June 23, 2004


by peterb
After September 11th, the sign board became a way for suburban America to express solidarity. All down any given highway you could see hundreds of small storefronts asking us to pray for the victims, to support our troops, and in some cases crying out for vengeance. For some reason, I was transfixed by this. Something about the grass-roots nature of it moved me. I'm kicking myself for not taking more photos of them at the time.

Several years later, this has mostly died down, but occasionally there's someone who still uses this medium in a particularly attention grabbing way; here's one of them. I meant to take a picture of this sign a few weeks ago, when it had a provocative rant about Iraq and gas prices. But before I remembered to bring my camera when passing it, it had changed to something less interesting. Fortunately, this week's return of the phrase "camel jockey" makes it worth sharing.

It's an interesting sentiment, and I think it is representative of the fundamental split between our leadership and their base. Unlike the justified and measured retribution the US engaged in in Afghanistan, the Iraq war is unquestionably an imperial adventure. By this I mean that it is an enterprise that is of no demonstrable present value to the United States (it may give some benefit to the Iraqis themselves, or to the Kurds, or to history, or give some unquantified future value to the US), although it certainly has involved incredible cost in both blood and treasure. Patriotic Americans, by and large, understood exactly the trade off involved in the Afghanistan war, and understood the motivation. No one -- at least, no one unwilling to use the word "empire" -- has provided sufficient justification for the Iraq war that is both reasonable and truthful.

Imperial ambitions, of the very sort that George Washington warned us about, are destructive to a Republic. By its very nature the act of taking and holding territory incurs expenses that are unimagined otherwise. Furthermore, the more territory that one has to defend, the more thinly spread one's resources become. The British didn't just abandon their empire out of niceness, but out of necessity: it was bankrupting them. I don't see any particular reason that the same fate won't befall this latest American flirtation with imperialism.

Another sign

Rage is mounting

I found the sign that originally struck me on the restaurant's web site, so I have reproduced it here. While it's easy to focus on the hate and rage being projected at the Iraqis, there is a subtext of confusion and anger at our own government here: Why are we there? What are we gaining? What's the point?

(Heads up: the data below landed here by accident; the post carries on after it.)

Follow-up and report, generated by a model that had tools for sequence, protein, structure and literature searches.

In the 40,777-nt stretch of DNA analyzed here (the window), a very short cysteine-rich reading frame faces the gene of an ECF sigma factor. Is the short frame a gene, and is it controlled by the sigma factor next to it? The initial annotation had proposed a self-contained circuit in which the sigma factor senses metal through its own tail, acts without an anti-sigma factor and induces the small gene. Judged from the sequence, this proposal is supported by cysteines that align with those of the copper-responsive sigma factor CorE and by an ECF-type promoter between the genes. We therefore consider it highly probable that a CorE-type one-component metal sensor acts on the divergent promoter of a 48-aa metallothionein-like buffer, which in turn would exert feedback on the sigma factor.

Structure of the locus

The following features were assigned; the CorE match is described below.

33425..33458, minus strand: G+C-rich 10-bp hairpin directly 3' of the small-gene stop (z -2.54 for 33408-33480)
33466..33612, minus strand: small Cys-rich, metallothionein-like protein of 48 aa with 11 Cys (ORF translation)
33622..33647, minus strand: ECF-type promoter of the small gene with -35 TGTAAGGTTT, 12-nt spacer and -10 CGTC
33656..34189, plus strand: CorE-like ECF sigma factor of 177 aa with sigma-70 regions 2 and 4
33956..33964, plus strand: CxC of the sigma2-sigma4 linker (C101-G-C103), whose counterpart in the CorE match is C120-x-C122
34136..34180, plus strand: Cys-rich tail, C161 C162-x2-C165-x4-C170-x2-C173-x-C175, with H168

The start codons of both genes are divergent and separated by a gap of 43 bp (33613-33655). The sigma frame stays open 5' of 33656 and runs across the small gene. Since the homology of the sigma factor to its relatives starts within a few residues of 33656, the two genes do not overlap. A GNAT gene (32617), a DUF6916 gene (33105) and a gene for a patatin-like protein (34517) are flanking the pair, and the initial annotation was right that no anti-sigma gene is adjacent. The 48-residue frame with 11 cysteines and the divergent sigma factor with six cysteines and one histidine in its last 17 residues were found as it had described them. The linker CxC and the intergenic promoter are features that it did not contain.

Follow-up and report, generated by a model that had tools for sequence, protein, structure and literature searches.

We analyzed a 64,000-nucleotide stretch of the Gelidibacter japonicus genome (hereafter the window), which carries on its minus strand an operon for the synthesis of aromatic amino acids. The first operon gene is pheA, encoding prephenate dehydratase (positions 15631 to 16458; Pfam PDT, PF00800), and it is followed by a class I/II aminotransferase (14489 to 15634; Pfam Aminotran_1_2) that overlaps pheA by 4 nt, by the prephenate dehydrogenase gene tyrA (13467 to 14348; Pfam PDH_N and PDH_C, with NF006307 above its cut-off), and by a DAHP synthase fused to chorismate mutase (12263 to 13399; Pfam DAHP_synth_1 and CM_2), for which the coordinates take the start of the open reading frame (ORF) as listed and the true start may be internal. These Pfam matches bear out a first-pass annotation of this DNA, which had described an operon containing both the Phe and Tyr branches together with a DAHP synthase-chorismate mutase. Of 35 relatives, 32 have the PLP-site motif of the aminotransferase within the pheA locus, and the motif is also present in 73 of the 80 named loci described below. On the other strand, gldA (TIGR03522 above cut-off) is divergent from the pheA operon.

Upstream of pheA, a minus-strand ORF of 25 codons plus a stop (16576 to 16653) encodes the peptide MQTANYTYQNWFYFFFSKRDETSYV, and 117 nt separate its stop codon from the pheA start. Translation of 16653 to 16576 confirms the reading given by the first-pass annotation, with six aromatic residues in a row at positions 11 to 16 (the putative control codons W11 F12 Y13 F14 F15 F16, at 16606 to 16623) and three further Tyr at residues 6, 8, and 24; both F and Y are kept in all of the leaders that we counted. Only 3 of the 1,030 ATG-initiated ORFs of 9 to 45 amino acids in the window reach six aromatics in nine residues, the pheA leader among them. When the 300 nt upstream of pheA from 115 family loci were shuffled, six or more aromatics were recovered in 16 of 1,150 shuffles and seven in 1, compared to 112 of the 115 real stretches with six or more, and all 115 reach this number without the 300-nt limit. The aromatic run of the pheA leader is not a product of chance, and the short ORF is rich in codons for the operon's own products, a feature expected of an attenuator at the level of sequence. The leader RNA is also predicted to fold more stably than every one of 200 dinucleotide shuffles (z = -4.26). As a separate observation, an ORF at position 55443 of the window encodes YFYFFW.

The Bush administration has so far steadfastly ignored these sorts of commonsense questions from the public. I hope that the electorate responds appropriately to that disrespect in November.

The restaurant where these signs stand has proudly posted pictures of previous messages on their web site, here.

Posted by peterb at June 23, 2004 04:24 PM | Bookmark This

Sure, but they're bozos. It's hard to take anything on that sign seriously after you've seen what was there before.

Posted by Derrick at June 23, 2004 05:08 PM

Well, yeah, obviously I disagree with their positions thoroughly, but I couldn't pass up the opportunity to sound all deep and meaningful and analytical and stuff.

It's a sickness.

In all seriousness, the point is not "look at this folk wisdom from the masses!" but rather "look at how the right-wing position in the street differes from the right-wing position in our government."

I also admit to a morbid fascination with the myth that somehow, things aren't going that well just because we're not being _mean enough_. We saw this with the "Rambo" revisionism of Vietnam in the 1980s: "They [liberal politicians, hippies, etc] didn't _let_ us win!" We killed 2 million people in Vietnam. The idea that there are people who seriously think that if only we had killed a few million more things would have magically gotten better is somewhat hypnotic.

Posted by peterb at June 23, 2004 05:40 PM

If they'd been a precisely chosen million, it might have. But I don't think that's the answer. Other reading suggests to me that there were several bad decisions made earlier which made the quagmire in Vietnam drag on much longer with less success than it might have otherwise.

Posted by Derrick at June 24, 2004 10:08 AM

Somewhat sideways to the point, but there's a group here who have a current project of running around town and documenting various signage:


Worth a look.

Posted by Goob at July 2, 2004 03:04 PM

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